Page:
There are 29 states in India that each has a culinary style and history. Rice, however, is a staple food that is eaten daily – there are many variants, including white, red, brown, sticky and the less common black rice. Similarly, spiced lentils (dhal) of various flavours are routinely served to accompany other food.

Chicken and mutton are the most commonly eaten meats in India, with fish and beef only eaten in coastal areas and the North East of the country.  Many Indians are vegetarians and the consumption of beef is banned in many states. Also, pork is not eaten by Indian Muslims.

In terms of flavours, Indian food is based on six elements of taste: sweet, salty sour, bitter, spicy and sharp. A good chef will blend these so they are balanced.

The most frequently used spices used in Indian cooking are chilli pepper, black mustard seed, cardamom, cumin, turmeric, asafoetida, ginger, coriander and garlic. Garam masala is a powdered mixture of five or more spices – these will differ depending on the region in which it is used.

Southern India

The southern states, which include Kerala, Andhra Pradesh, Tamil Nadu and Karnataka, enjoy a hot and humid climate. “It is bubbling with amazing ingredients, including tamarind trees, asafoetida gum, peppercorns, mustard seeds and nutmeg,” says Hari.

“The one ingredient to highlight is the wonderful coconut that has so many uses, from oil, to a cream, to flavouring as well as being a drink and much, much more.

Rice is all-important here and is consumed with every meal in one form or another, whether this is rice cakes or pancakes for breakfast such as idli, dosa, vadas and uttapams. These are made from rice ground with lentils and are very popular in Tamil Nadu.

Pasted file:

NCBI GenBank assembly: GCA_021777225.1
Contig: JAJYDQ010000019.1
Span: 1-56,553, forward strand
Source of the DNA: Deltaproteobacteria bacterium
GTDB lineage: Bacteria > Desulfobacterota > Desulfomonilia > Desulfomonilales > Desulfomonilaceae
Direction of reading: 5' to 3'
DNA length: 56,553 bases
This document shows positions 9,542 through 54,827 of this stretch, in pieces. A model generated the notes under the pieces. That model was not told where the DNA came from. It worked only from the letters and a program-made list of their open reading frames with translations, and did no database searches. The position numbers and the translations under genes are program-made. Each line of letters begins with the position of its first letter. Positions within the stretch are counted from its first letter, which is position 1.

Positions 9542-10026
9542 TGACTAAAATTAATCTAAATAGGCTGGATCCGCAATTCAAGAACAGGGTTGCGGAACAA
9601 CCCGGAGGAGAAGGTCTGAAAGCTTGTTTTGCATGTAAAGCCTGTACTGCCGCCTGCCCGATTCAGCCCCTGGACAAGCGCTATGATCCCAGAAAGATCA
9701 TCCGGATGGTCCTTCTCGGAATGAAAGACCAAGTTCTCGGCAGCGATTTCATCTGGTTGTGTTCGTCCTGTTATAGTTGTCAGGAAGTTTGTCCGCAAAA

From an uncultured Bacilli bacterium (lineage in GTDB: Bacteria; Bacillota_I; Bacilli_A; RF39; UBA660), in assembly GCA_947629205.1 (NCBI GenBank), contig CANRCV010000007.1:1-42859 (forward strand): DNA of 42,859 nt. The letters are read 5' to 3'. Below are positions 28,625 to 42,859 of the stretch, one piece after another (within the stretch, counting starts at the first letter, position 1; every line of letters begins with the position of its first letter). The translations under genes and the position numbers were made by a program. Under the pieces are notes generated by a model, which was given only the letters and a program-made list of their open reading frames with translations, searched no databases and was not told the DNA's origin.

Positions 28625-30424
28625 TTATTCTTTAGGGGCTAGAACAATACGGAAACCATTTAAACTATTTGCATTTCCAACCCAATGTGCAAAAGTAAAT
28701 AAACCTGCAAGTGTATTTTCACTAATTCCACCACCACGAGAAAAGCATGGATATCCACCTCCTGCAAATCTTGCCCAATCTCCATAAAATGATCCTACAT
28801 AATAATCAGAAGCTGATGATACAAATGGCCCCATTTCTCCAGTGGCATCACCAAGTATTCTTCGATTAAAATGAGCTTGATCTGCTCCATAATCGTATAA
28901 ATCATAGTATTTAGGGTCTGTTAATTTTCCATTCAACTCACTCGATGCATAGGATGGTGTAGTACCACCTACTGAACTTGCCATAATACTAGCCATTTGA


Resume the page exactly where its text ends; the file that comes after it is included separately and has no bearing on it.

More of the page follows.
“The beautiful Malabar coastline, (which includes Kerala), is all about the fabulous delicacies from the sea ­– mussels, crab and prawns cooked with lovely aromatic spice pastes are simply wonderful.”

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Northern India

Punjab, Jammu & Kashmir, Uttar Pradesh and Haryana have hot summers and cold winters. Hari says there is a distinct Mughal influence in the cooking here.

“Mughal emperors ruled for almost 500 years, and they were known to have a real flair in the kitchen,” she says. “The style of cooking is similar to that found in central Asia. They loved having huge banquets with elaborate dishes consisting of red meats, yoghurts, fruit and nuts.”

In Kashmir there are two distinct cooking methods – the Muslims are happy to use onions and garlic, whereas the Hindus prefer to use asafoetida. This has given rise to different versions of classic dishes, such as lamb rogan josh.

“Punjabis cook with love and passion, and their food replicates this with layers of flavour. Food is served in small dishes, with a lentil option, vegetable option and maybe a meat option with roti and yoghurt.

The food is seasonal, spiced and generally cooked outdoors. The Punjab is known as the land of milk and honey because the soil is so rich and fertile. The importance of agriculture and farming is paramount here and means lots of wheat, vegetables and sugar cane, as well as dairy produce such as yoghurt, butter, ghee and paneer.”